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TrendSpot: The Rise of Human Search Filters

The Trend:
The same perceived lack of structure on the web that originally led Jerry Yang to create the first Yahoo Internet Directory is causing one of the most prevalent trends online today, the rise of human search filters.  Search engines are getting more sophisticated as algorithms get refined for every new spammers trick – to try and keep search results relevant.  But a key ingredient of relevance is credibility, and no online algorithm has yet become adept at identifying which sources of information are trustworthy.  As a result, many services have come up in recent months to help individuals share their own filter of the web with others.  From Blogrolls on blogs, to personalized shopping lists on Yahoo’s Shoposphere, to lenses on particular topics at Seth Godin’s latest project (Squidoo) — relying on humans to filter information has never been hotter, or easier.  As Squidoo’s tagline says … everyone’s an expert on something.

The Proof:

  1. Yahoo Shoposphere, Rollyo and Squidoo are just a few of the many sites allowing users to create and share their own searchable aggregation of Internet sources on any topics.
  2. Ecommerce sites like Amazon.com and Circuitcity.com are focusing on building their database of customer reviews for products – and people are reading and being influenced by them
  3. The Web 2.0 idea of an online environment easier to browse and find information is growing as more content creators are tagging their content using standardized systems like Flickr or Technorati and add "like content" features to blogs such as Blogrolls and reading lists.
  4. Online wikis like Wikipedia or the PR Wiki are allowing multiple users to add their collective knowledge into a single source which can serve as a searchable information source for any online user
  5. Celebrities are going online, with blogs, celebrity playlists in iTunes, or creating searchrolls — all giving another filter to content and allowing users to be like their heroes and do stuff like workout to the same tunes as Jennifer Garner.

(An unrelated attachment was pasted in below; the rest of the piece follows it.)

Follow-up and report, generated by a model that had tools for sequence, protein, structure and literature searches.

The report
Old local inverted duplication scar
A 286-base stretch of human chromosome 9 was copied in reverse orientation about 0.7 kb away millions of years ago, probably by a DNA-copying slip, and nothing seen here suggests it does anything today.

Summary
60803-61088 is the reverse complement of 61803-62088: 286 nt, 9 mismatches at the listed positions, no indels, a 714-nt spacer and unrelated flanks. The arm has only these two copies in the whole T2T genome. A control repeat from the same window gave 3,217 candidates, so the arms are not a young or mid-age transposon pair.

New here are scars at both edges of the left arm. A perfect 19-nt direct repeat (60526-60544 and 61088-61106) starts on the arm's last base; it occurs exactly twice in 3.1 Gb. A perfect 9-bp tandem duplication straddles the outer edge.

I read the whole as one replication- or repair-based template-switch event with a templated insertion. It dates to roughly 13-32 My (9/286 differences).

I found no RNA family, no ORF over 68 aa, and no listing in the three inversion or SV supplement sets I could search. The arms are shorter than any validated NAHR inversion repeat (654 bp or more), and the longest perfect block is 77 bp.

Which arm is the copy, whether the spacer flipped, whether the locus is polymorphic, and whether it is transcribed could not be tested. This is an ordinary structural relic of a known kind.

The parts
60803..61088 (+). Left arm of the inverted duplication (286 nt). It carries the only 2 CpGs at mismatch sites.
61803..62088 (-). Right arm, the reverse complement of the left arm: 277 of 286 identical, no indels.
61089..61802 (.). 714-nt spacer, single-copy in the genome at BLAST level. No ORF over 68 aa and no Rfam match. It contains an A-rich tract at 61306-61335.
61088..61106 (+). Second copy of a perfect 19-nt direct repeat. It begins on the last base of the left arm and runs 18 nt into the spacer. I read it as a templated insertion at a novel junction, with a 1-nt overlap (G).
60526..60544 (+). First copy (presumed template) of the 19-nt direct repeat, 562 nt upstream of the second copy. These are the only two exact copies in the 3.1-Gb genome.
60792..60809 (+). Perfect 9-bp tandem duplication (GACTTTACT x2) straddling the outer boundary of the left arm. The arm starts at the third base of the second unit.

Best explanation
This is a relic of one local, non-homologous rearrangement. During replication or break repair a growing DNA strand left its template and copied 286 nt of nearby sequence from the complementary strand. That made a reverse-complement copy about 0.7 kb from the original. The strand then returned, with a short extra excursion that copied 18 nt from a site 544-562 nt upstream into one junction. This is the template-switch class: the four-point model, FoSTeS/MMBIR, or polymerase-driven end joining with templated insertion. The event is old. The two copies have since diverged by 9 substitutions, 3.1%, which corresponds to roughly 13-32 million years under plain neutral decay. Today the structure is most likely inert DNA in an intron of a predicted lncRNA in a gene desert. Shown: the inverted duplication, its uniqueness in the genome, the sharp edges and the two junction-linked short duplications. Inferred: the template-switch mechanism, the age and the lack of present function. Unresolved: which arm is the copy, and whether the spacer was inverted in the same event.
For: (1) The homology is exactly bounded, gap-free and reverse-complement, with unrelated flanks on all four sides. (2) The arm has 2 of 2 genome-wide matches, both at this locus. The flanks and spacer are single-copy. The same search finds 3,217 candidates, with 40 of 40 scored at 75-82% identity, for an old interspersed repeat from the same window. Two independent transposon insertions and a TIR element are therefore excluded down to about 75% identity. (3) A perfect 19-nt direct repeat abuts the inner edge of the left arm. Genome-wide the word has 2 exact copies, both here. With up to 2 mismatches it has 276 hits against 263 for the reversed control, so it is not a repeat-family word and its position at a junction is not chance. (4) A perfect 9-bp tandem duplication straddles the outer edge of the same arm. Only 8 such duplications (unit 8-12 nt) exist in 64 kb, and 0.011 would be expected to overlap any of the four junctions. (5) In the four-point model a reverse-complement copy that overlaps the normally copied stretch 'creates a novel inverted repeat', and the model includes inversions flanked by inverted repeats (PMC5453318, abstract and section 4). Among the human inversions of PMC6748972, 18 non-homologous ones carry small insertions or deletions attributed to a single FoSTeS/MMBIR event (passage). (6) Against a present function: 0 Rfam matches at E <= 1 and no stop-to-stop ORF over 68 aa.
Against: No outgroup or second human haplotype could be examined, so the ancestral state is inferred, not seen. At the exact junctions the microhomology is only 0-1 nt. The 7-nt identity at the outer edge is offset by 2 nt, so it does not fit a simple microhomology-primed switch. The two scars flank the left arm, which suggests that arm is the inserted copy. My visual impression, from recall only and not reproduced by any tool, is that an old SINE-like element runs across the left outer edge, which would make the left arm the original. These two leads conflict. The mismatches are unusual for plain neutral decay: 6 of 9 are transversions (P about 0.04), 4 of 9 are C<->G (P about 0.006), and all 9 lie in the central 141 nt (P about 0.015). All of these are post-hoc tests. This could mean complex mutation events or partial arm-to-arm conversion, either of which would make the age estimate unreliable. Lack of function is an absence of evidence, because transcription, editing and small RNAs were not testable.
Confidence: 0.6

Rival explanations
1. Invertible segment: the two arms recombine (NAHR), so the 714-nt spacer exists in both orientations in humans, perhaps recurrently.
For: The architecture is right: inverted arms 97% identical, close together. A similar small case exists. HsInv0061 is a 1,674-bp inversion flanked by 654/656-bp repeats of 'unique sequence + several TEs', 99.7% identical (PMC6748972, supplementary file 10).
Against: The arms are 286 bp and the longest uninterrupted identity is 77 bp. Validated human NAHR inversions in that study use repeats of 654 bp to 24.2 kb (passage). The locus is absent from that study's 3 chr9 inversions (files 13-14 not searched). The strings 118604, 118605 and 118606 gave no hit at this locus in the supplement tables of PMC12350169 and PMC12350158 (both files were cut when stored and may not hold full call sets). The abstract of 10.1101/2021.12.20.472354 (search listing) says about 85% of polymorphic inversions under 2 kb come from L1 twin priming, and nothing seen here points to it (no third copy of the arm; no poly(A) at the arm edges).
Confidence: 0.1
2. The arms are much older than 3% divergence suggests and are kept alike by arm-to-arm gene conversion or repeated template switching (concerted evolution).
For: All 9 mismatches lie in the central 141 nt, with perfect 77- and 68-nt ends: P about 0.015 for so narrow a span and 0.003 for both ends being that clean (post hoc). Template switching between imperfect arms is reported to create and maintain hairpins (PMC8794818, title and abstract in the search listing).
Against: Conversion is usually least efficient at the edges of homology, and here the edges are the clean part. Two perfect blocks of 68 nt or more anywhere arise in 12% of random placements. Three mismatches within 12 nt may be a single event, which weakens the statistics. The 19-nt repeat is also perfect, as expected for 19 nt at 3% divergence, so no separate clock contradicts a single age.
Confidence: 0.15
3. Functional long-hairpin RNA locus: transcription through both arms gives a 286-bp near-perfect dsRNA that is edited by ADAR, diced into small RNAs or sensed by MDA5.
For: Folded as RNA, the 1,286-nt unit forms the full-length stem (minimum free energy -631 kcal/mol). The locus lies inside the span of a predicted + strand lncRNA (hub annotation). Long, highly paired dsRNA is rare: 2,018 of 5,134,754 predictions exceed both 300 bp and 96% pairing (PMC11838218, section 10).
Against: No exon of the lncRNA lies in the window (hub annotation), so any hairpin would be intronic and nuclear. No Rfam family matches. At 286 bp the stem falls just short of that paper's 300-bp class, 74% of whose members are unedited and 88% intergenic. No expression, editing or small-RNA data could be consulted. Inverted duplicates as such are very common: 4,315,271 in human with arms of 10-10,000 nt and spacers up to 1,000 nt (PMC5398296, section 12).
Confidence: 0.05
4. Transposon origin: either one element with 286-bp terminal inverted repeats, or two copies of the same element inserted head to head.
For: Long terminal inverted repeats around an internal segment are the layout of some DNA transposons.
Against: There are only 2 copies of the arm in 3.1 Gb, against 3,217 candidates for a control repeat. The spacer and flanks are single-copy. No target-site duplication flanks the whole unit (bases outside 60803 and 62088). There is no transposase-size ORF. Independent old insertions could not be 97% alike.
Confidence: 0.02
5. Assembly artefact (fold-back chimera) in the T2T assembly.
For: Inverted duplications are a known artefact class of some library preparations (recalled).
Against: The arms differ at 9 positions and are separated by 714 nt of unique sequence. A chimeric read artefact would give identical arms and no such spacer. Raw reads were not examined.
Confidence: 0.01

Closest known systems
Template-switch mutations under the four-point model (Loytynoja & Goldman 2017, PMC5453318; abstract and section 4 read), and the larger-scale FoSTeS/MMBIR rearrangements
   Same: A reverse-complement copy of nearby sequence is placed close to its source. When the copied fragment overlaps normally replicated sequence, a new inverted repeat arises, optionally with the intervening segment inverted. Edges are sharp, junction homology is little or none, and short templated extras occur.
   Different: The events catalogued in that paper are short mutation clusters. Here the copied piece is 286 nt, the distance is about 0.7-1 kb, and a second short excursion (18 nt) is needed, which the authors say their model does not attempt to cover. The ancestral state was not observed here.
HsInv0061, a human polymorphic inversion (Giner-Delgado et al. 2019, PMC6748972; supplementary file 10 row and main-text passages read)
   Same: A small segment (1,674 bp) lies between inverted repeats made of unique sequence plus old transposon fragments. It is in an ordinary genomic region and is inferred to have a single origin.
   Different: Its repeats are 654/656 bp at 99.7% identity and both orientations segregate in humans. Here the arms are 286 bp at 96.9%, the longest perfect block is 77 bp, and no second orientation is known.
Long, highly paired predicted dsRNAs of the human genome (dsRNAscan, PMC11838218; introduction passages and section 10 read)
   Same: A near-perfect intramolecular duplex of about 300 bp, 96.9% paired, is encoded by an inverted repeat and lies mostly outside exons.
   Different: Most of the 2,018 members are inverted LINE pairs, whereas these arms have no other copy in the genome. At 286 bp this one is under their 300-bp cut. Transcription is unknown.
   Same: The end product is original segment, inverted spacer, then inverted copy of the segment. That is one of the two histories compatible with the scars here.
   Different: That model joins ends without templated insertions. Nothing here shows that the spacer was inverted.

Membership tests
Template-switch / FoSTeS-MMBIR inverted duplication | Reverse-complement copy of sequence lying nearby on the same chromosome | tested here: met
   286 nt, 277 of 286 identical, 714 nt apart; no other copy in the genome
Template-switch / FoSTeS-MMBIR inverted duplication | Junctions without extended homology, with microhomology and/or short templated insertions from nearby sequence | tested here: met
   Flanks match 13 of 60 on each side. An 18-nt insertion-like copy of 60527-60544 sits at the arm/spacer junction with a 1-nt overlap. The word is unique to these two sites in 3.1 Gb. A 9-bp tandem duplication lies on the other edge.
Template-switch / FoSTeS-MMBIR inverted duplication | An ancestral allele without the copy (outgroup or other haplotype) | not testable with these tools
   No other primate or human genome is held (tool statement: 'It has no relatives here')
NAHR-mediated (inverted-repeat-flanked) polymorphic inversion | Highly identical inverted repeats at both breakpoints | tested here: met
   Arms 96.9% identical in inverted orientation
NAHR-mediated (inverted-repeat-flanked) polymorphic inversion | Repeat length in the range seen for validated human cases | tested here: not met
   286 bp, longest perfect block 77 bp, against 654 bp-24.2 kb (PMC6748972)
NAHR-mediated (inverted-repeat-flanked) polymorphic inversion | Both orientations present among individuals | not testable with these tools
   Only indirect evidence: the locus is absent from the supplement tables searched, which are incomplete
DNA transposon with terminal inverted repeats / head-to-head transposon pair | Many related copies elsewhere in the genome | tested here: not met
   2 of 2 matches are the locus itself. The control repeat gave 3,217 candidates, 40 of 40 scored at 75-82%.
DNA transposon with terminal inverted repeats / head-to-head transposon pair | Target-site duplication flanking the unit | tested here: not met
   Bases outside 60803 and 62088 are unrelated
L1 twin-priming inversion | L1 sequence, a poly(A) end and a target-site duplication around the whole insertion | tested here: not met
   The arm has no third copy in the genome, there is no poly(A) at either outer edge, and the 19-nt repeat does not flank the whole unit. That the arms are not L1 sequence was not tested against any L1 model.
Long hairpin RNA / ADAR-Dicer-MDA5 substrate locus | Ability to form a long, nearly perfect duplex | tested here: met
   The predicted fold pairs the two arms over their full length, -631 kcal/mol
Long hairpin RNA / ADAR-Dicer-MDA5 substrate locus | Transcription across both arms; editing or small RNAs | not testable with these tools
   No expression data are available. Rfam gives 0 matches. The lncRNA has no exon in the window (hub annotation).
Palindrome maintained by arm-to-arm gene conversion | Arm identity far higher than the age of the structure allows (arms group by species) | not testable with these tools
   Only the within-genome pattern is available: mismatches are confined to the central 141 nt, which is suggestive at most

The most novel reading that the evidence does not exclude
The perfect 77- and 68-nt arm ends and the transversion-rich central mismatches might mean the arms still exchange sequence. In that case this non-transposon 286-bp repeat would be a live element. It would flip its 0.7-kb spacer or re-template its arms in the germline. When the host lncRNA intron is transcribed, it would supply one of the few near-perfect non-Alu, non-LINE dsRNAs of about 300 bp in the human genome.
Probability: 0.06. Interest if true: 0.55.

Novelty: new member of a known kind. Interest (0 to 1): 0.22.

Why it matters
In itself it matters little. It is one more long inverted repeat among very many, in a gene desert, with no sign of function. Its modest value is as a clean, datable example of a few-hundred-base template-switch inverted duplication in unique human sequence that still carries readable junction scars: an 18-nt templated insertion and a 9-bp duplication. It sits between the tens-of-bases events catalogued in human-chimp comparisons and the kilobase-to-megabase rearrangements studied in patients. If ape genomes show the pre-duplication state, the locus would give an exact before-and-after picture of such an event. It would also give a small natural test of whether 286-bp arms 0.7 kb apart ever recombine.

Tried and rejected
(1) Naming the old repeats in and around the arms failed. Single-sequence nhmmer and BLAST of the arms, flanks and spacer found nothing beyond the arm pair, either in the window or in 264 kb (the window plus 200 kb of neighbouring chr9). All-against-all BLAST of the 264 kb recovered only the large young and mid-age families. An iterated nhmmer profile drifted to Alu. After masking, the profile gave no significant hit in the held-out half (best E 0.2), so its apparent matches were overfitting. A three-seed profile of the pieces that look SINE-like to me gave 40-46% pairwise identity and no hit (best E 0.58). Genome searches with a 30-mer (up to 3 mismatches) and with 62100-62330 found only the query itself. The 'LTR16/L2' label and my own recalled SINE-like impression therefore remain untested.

The Bottom Line:
As more and more content is created on the web, people are increasingly turning to trusted individuals and sources beyond search engines to help find truly relevant and credible online information sources.

This is the first in a new series of posts on the I2M blog looking at trends in Interactive Marketing.  All posts on this topic will be filed under the TRENDSPOT in the category list at right.

4 thoughts on “TrendSpot: The Rise of Human Search Filters”

  1. Great point, Piers. The more subjective filters for information like the ones you mentioned certainly offer another strong example of how humans are providing order to the vast range of content on the web. Some, like psfk.com, have clearly even moved beyond being just a search resource and are now destination sites with loyal readers.

    Reply
  2. Another such “filters” are the public collections of links -hosted on sites like del.icio.us– on specific topics, that are intentionally designed to serve as a resource on a specific theme. Examples:
    – my PR Digest collection of links, where I bookmark relevant articles, studies, academic resources and blog entries found in my personal collection of feeds and by browsing 400+ PR blogs
    Eric Eggertson‘s links
    Piaras Kelly‘s links
    Jeremy Pepper‘s BlogRun.

    Reply

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